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Emotion Cards for Agile Teams

| by Savita Pahuja Follow 3 Followers on Dec 19, 2014. Estimated reading time: 2 minutes |

lIlya Pavlichenko, agile coach and professional scrum trainer (PST) from Scrum.org, describes usage of emotion cards as an effective tool in the toolbox of any scrum master, agile Coach or trainer. Emotion Cards are a set of cards showing common emotions like angry, anxious, confused, happy, sad, surprised, tired and worried.

Emotional Cards, images or photographs that express human emotions are quite a popular tool among trainers and teachers. Often they are used for studying languages and also in the treatment of patients with autism.

Edwin Dando, Consulting Manager at Assurity Consulting Ltd, mentions in his blog that the emotions of individuals impact the   team, which impacts the product, therefore emotions impacts the product. This is why leadership becomes such a critical aspect on agile projects. Behaviors are values in action and the leaders job is to demonstrate the values as behaviors in everything they do.

lIlya explains how scrum teams can use emotional cards as follows:

  • To start by asking everyone to choose one card that most correctly describes why that person is present here.
  • To get to know each other better.
  • To understand the topic of the meeting.
  • To understand the role of leadership.
  • Personal coaching by selecting cards that most accurately express your goal, opportunities, available resources and possible future steps.
  • Giving feedback.
  • To discuss a common vision and to construct a visual image of the team or company future
  • In retrospective meetings by selecting a photo that most accurately conveys teams emotions and feelings from the past sprint.

Similar to that some scrum teams use Niko-Niko calendar to keep track of the mood of team members during the sprint. The team installs a calendar on one of the room's walls. The format of the calendar allows team members to record, at the end of every workday, a graphic evaluation of their mood during that day. Over time, the niko-niko calendar reveals patterns of change in the moods of the team, or of individual members.Benefits of using this technique is described in a blog of Niko Niko App.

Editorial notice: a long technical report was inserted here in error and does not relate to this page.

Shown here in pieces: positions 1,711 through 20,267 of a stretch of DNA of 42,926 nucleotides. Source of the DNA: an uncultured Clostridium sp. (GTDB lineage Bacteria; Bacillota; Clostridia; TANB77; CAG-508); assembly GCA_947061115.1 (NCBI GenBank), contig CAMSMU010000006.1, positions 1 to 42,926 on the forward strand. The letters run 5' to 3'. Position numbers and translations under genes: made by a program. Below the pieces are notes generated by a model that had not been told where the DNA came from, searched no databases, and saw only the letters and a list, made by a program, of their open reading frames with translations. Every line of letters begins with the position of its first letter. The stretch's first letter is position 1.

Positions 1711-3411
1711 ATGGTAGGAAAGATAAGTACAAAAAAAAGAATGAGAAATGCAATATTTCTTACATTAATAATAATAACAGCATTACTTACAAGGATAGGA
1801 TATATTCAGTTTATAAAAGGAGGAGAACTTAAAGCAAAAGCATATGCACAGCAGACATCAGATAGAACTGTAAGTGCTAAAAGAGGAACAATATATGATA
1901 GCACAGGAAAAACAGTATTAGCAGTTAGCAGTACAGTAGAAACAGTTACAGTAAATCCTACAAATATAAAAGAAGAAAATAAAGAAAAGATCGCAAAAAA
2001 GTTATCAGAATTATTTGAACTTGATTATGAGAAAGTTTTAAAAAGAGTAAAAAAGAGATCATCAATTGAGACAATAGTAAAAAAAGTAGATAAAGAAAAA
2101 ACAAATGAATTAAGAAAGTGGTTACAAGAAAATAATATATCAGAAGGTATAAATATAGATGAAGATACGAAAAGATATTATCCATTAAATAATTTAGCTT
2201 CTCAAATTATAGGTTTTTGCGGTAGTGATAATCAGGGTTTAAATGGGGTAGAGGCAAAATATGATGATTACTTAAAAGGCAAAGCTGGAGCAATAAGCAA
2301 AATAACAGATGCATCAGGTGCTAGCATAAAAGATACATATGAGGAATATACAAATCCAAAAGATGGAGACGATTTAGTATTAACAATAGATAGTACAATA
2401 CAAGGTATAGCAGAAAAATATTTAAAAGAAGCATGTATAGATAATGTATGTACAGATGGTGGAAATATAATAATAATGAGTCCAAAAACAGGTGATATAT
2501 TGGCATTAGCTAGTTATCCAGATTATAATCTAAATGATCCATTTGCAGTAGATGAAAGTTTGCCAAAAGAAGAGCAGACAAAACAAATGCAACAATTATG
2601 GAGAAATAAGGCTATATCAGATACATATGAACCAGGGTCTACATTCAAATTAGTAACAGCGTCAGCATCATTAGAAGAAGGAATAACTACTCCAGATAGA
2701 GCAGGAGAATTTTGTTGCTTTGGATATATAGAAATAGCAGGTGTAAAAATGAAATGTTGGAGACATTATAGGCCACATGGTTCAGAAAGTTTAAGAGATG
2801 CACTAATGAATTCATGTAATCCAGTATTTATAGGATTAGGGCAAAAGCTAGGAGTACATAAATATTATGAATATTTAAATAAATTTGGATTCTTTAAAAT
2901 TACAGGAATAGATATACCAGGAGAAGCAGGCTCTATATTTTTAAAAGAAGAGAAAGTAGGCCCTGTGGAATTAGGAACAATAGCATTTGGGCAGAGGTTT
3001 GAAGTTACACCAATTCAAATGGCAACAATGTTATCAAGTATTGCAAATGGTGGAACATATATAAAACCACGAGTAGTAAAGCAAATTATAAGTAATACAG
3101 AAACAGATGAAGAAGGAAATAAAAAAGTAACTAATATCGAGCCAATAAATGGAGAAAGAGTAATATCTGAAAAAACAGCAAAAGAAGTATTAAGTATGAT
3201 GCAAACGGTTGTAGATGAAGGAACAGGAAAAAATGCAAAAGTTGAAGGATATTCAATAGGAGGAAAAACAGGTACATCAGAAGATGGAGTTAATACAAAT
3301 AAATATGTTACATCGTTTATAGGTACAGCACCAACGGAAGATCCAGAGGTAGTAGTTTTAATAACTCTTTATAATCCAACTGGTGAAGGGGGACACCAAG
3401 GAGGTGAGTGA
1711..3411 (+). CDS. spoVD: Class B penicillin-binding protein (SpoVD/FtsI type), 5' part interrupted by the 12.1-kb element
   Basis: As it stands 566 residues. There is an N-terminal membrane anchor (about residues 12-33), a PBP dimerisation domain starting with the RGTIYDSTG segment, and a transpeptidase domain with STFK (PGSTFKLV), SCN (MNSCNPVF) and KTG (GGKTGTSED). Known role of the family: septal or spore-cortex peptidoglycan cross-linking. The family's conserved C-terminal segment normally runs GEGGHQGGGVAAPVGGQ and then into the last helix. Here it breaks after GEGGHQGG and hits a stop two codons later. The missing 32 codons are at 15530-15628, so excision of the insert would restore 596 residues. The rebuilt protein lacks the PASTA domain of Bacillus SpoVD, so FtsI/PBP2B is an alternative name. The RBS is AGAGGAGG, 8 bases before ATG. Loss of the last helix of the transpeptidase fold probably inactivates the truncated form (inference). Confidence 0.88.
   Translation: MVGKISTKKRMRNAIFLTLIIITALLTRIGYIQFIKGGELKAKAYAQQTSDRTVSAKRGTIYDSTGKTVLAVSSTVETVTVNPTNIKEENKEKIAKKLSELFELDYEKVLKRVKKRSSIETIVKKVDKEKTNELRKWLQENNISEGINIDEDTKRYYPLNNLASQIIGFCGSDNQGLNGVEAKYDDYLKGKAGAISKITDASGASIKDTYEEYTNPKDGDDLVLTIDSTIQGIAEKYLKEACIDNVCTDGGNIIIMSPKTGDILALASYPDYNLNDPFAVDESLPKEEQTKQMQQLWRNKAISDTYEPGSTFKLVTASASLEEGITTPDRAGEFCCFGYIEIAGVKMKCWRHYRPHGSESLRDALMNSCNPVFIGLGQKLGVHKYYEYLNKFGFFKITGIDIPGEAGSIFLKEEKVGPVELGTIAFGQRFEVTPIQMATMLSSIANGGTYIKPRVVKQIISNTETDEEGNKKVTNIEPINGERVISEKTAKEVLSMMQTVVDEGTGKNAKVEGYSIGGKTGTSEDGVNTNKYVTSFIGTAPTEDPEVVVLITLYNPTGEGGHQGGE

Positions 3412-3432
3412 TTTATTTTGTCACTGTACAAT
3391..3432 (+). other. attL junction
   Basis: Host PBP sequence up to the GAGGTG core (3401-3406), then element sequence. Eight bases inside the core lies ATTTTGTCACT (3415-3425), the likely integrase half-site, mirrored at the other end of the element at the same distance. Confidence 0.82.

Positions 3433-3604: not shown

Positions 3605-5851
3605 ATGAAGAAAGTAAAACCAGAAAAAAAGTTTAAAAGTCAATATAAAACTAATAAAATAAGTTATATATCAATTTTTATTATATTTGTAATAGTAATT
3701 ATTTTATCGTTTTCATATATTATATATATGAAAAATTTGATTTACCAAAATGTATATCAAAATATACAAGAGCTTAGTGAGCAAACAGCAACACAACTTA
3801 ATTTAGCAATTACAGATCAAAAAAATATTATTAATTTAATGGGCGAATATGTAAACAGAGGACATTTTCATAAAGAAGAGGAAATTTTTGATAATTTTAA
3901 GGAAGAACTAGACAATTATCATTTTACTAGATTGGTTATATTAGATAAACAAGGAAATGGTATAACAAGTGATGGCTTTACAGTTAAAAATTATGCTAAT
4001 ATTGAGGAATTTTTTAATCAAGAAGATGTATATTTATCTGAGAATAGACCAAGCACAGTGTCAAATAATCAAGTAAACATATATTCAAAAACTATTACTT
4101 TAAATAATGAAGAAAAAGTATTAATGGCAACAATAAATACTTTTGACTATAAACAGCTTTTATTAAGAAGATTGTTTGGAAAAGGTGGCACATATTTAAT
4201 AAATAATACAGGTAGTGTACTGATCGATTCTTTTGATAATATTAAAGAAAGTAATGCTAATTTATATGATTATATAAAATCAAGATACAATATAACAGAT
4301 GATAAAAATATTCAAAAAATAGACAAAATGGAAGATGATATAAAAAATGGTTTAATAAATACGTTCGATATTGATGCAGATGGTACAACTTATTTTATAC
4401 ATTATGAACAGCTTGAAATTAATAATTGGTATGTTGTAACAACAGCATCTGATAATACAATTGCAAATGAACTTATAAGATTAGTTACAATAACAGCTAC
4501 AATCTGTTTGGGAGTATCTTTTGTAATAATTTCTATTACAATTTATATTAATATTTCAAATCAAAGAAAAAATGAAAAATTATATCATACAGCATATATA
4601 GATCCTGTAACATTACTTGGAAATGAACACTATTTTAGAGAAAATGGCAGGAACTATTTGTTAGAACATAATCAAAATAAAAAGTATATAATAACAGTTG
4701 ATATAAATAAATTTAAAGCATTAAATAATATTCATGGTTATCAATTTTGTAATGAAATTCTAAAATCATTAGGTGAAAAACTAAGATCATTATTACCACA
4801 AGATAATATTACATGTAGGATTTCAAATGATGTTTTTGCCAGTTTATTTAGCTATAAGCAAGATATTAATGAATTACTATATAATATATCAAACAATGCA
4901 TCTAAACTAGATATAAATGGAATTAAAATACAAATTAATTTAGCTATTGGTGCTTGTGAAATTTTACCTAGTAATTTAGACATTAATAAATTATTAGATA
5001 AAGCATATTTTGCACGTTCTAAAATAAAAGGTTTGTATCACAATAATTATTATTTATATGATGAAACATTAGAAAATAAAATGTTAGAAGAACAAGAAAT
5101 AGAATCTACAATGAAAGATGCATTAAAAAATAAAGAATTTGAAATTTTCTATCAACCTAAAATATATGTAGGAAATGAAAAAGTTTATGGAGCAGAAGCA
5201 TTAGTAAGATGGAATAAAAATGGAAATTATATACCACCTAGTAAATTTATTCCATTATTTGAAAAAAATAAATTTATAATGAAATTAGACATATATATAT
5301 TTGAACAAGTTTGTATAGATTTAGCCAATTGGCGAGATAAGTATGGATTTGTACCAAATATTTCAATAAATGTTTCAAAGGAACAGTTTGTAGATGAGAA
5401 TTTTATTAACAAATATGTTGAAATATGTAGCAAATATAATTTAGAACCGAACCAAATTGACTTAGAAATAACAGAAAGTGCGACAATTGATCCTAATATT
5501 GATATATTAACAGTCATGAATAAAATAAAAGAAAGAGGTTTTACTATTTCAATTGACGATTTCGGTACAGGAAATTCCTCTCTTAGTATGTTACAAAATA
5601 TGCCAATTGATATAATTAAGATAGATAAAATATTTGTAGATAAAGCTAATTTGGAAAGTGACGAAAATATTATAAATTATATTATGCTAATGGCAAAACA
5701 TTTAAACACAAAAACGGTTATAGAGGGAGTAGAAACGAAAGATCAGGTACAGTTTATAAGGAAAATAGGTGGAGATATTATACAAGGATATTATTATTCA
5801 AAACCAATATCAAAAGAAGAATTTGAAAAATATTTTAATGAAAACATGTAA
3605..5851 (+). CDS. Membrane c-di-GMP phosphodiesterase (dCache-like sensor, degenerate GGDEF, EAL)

For teams who do post-project breakdowns, it can be a useful tool for looking back and reflecting on particular phases in a given project and evaluating trends throughout the project’s lifecycle. For management teams, it can be useful to see how a particular employee or group of employees is faring, and gives some early warning signs so that managers can intervene or schedule one-on-one meetings for team members who may be struggling.

lIlya includes emotion cards in his trainings. This is how he completes any training or Retrospective:

  • Choose a card that reflects your feelings.
  • Choose an image that expresses your emotions regarding the meeting results.
  • Choose one card that transfers your emotions to the next group of participants.

lIlya in his another blog mentions the usage of emotional flip chart. During meetings he brings a flip chart, which shows the six basic (6) human emotions like happiness, surprise, inspiration, sadness, anger and disgust. He hangs emotional flip chart on the wall and then suggest everyone in round robin fashion to recall any events from the previous weeks or months, associate them with emotions on a flip chart, then share the story with colleagues. What made you sad? When did you feel inspired? What made you happy?

More information about the emotion cards is available in the book A Scrum Master's Practical Toolbox written by Ilia Pavlichenko, Sergey Dmitriev and Alexey Pikulev.

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Useful exercise for Agile Retrospectives by Ben Linders

Emotion cards can be used in agile retrospectives to discuss the feelings of team members. The mood of individual team members influences team mood which can have significant impact on the productivity of teams and the quality of the products delivered to their customers.

To discuss emotions in teams you can also do a one-word retrospective exercise which is described in my blog post Feelings Matter in Agile Retrospectives (www.benlinders.com/2013/feelings-matter-in-agil...) and in the InfoQ minibook Getting Value out of Retrospectives (www.infoq.com/minibooks/agile-retrospectives-value). When there are issues in a team that need to be discussed, I have each team member state how they feel about the past sprint in 1 word. Chances are big that at one or more words, with some questioning, triggers a discussion where things are spoken out about the team that often don’t reach the surface.

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